As the hearse bearing Camille Bob Sr.’s coffin arrived outside Holy Ghost Catholic Church Saturday afternoon, a man walked past and offered a proclamation.
“Nobody cry,” he said. “Nobody cry. He would have wanted us to be happy.”
From the opening bars of the processional, the funeral Mass reflected that.
“God has smiled on me,” the vocalist sang while the celebrants and pallbearers accompanied the draped coffin up the center aisle. “He has set me free. He’s been good to me.”
Throughout the service, people sang along, clapped acclamation, raised their hands in praise.
Bob, an Arnaudville native known to music lovers as Lil’ Bob, entertained listeners as near as the Southern Club, the Evangeline Club and Toby’s Lounge in Opelousas and as scattered as everyone who’s watched the movie “Bull Durham,” in which the band Los Lobos covered his classic party song “I Got Loaded.”
The 77-year-old singer died Monday at Opelousas General Health System. In recent years he lived at Senior Village, where people who attended the funeral said they’d visited him often.
The cover of the program for his service carried a vintage photo of Bob singing, his eyes lifted toward an overhead studio microphone. He appeared ever tuneful, optimistic and handsome.
Opelousas Mayor Reggie Tatum told worshipers the singer looked like a young Sidney Poitier in such publicity photos. Like others, Tatum lamented that Bob and his band The Lollipops didn’t get the recognition or money they deserved.
But, the Rev. Jaison Mangalath said during his homily, “he brought our culture, our aspirations and our love for music beyond the boundaries of Opelousas.”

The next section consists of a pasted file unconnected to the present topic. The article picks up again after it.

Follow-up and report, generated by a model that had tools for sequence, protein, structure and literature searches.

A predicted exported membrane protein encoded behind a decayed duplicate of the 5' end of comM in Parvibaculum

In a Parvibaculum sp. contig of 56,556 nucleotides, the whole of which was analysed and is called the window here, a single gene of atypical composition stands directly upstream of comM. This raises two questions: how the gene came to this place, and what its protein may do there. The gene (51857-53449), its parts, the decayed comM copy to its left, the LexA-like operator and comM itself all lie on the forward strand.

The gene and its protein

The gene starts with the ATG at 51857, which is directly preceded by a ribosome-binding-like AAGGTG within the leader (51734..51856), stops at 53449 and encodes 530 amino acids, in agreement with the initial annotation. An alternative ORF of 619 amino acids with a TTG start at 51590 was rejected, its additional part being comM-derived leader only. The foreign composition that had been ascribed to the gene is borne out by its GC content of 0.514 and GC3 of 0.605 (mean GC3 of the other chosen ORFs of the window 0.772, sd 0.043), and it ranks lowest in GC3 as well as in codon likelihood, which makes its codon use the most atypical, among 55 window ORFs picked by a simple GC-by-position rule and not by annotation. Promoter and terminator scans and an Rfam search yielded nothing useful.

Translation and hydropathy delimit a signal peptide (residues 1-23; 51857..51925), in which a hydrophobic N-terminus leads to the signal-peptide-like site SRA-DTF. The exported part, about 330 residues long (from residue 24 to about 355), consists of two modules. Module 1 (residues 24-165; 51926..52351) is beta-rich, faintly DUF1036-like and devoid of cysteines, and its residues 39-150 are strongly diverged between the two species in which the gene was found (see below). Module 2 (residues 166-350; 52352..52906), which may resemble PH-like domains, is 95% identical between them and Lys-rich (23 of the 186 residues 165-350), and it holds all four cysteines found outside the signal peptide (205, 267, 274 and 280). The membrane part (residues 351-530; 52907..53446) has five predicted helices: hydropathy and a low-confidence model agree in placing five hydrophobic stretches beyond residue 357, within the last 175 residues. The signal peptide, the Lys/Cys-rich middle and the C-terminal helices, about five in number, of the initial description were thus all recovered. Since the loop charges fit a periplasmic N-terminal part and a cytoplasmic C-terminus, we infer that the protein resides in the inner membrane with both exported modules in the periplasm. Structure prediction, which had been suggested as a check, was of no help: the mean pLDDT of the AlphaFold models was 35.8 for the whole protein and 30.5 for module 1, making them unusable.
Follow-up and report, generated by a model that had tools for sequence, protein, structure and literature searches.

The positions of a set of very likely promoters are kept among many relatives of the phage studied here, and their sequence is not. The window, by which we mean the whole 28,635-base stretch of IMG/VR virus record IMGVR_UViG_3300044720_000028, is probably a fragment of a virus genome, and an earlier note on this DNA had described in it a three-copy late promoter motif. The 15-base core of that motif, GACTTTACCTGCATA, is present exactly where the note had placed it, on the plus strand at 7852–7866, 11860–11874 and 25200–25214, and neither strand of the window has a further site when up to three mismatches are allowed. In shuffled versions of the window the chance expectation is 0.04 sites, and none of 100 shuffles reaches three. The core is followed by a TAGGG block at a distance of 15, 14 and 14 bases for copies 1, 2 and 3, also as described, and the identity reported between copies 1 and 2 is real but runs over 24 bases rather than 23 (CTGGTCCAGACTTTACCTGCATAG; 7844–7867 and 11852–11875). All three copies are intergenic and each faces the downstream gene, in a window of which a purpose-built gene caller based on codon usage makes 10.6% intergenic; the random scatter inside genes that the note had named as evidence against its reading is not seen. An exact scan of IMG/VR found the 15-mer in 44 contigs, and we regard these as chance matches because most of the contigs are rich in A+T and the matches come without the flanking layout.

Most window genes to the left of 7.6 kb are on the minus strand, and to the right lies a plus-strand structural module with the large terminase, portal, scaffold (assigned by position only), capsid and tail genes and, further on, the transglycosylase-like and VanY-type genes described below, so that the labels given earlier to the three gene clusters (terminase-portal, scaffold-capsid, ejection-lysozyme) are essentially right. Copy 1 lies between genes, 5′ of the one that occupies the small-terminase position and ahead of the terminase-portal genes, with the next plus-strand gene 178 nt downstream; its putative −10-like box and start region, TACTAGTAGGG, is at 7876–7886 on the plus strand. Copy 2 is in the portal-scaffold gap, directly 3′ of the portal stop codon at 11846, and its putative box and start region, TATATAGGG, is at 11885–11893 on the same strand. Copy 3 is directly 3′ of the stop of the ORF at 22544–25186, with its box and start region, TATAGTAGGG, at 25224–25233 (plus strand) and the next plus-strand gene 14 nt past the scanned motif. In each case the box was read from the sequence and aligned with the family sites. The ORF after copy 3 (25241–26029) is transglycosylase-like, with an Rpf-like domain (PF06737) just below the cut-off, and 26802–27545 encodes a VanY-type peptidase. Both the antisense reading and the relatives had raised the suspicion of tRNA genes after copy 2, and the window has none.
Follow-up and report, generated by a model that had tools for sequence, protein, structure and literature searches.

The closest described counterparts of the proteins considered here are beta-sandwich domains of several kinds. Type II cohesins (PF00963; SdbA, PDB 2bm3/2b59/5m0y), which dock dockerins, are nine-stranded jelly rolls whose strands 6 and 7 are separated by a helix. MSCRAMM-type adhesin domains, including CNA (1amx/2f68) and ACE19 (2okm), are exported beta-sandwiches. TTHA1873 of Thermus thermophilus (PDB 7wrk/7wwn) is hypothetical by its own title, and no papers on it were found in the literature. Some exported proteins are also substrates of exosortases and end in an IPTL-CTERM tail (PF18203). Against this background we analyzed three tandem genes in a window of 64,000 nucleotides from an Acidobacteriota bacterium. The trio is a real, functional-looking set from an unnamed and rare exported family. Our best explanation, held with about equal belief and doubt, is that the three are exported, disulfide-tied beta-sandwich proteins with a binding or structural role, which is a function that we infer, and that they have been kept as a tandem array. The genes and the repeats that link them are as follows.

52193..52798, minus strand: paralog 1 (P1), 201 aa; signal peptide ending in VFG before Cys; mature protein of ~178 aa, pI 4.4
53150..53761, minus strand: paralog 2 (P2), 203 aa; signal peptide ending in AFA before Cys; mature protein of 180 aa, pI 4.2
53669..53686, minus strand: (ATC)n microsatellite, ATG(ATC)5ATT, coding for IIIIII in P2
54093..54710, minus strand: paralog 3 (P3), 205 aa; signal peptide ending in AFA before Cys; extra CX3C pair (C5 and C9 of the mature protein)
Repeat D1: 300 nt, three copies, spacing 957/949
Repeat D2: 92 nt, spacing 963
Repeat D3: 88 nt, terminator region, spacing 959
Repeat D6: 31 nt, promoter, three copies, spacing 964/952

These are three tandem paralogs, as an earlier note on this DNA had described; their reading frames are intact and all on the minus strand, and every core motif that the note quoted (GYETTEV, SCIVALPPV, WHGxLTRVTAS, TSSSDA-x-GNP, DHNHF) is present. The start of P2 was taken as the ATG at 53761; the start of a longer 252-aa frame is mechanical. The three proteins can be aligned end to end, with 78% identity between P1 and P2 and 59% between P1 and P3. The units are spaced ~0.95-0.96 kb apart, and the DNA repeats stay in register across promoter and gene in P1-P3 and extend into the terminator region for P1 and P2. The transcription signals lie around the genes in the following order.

Because of that, the mayor pledged he’ll persuade the City Council to declare Bob’s birthday, Nov. 8, as Lil’ Bob and The Lollipops Day within the city limits.
“It’s the least we can do, to give him that,” Tatum said.
The musicians who offered piano, saxophone and vocal accompaniment at the funeral said they performed spirited renditions of “His Eye Is On The Sparrow,” “Jesus Loves Me,” “Going Up Yonder” and other sacred songs out of affection for a man who gave them so much.
“I really learned how to play with him, in all kinds of keys” said pianist and teacher Steven Smith, who performed with Bob in live venues after the singer’s recording days had ended.
He and others said they had to keep up with a repertory of more than 200 songs Bob knew by heart and performed on demand. They praised him as a people person who would whip out any one of those tunes whenever a patron who’d requested it once entered the door.
St. Landry Parish District Attorney Earl Taylor, who used to play saxophone with Bob on occasion, said “people enjoyed dancing to his music because he was always fun.”
He added that Bob’s band played for many white audiences and with white musicians before integration became the law. “It didn’t matter what color you were,” Taylor said. “It was all about, ‘Can you play?'”
That said, Lollipops saxophonist Paul Wiltz remembered playing one evening at a club that refused entry to a young black man and his date.
The singer asked his band, “How do y’all feel about that?” Wiltz said. The musicians agreed to cut the gig short. “We picked up our gear and left. We didn’t get paid.
“Bob was a person of integrity,” he said. “We played music for a purpose. We all said he should’ve gotten more than he got, but we were playing music for the love of music.”
Wiltz added, “I had some wonderful years with Bob.”
Then he carried his sax out of the church and to the repast at the Opelousas Civic Center, where he planned to jam for hours with others whose love for the man and the music delivered them there.